A team of astronomers, including one from the University of British Columbia, has confirmed the existence of a new "Super-Earth" planet in a galaxy far, far away.
The planet, officially dubbed HIP 116454b, is 180 light years away from Earth, said a UBC news release on Thursday. It is 12 times the mass of Earth and 2.5 times its diameter.
"It could be a miniature version of the ice giant planet Neptune," said Jaymie Matthews, a UBC astronomer and mission scientist with Canada’s first space telescope. "An even more exciting possibility is that it’s three-quarters water."
The exoplanet — meaning it orbits a star outside of our solar system — circles its sun every 9.1 days. It is too close to its sun to be lived on, but Matthews says there may be more out there.
“This Super-Earth may have neighbours, and one might be in the star’s habitable zone," he said. "Only time and careful study of this system will tell.”
HIP 116454b was first seen by a group of U.S. researchers who were using data from K2, NASA's Kepler space telescope's new mission. They thought they had spotted a new planet, but the satellite moved on from that part of the sky before they could confirm it. So Matthews and his team positioned MOST (the Microvariability and Oscillations of STars satellite) to verify what the Kepler saw.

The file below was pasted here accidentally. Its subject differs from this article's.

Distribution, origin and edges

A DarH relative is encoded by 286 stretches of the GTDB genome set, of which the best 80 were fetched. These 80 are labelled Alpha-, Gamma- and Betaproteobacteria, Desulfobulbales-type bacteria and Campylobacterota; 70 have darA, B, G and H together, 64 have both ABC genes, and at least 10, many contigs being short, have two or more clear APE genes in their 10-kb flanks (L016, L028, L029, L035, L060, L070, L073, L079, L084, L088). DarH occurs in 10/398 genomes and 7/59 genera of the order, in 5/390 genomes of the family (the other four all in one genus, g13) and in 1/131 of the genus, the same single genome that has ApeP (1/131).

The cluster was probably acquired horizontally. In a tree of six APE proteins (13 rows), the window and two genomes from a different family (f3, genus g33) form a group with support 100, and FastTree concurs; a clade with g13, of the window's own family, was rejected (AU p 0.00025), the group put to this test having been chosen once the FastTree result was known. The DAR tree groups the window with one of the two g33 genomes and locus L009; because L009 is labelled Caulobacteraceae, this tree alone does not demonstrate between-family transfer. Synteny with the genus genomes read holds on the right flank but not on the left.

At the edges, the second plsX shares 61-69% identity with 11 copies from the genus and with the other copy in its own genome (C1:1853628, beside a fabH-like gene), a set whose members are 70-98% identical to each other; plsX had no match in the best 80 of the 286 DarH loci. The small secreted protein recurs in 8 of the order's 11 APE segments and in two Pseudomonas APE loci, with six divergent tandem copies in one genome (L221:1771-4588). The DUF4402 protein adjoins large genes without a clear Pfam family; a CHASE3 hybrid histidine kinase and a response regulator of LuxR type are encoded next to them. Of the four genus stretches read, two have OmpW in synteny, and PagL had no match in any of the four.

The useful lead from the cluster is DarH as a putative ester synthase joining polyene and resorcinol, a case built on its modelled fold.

This artistic concept shows NASA's planet-hunting Kepler spacecraft.
"The Kepler mission showed us that planets larger in size than Earth and smaller than Neptune are common in the galaxy, yet they are absent in our solar system," Steve Howell, Kepler/K2 project scientist at NASA's Ames Research Center in Moffett Field said in a NASA press release on Thursday.
"K2 is uniquely positioned to dramatically refine our understanding of these alien worlds and further define the boundary between rocky worlds like Earth and ice giants like Neptune."
The rest, you could say, is out of this world.
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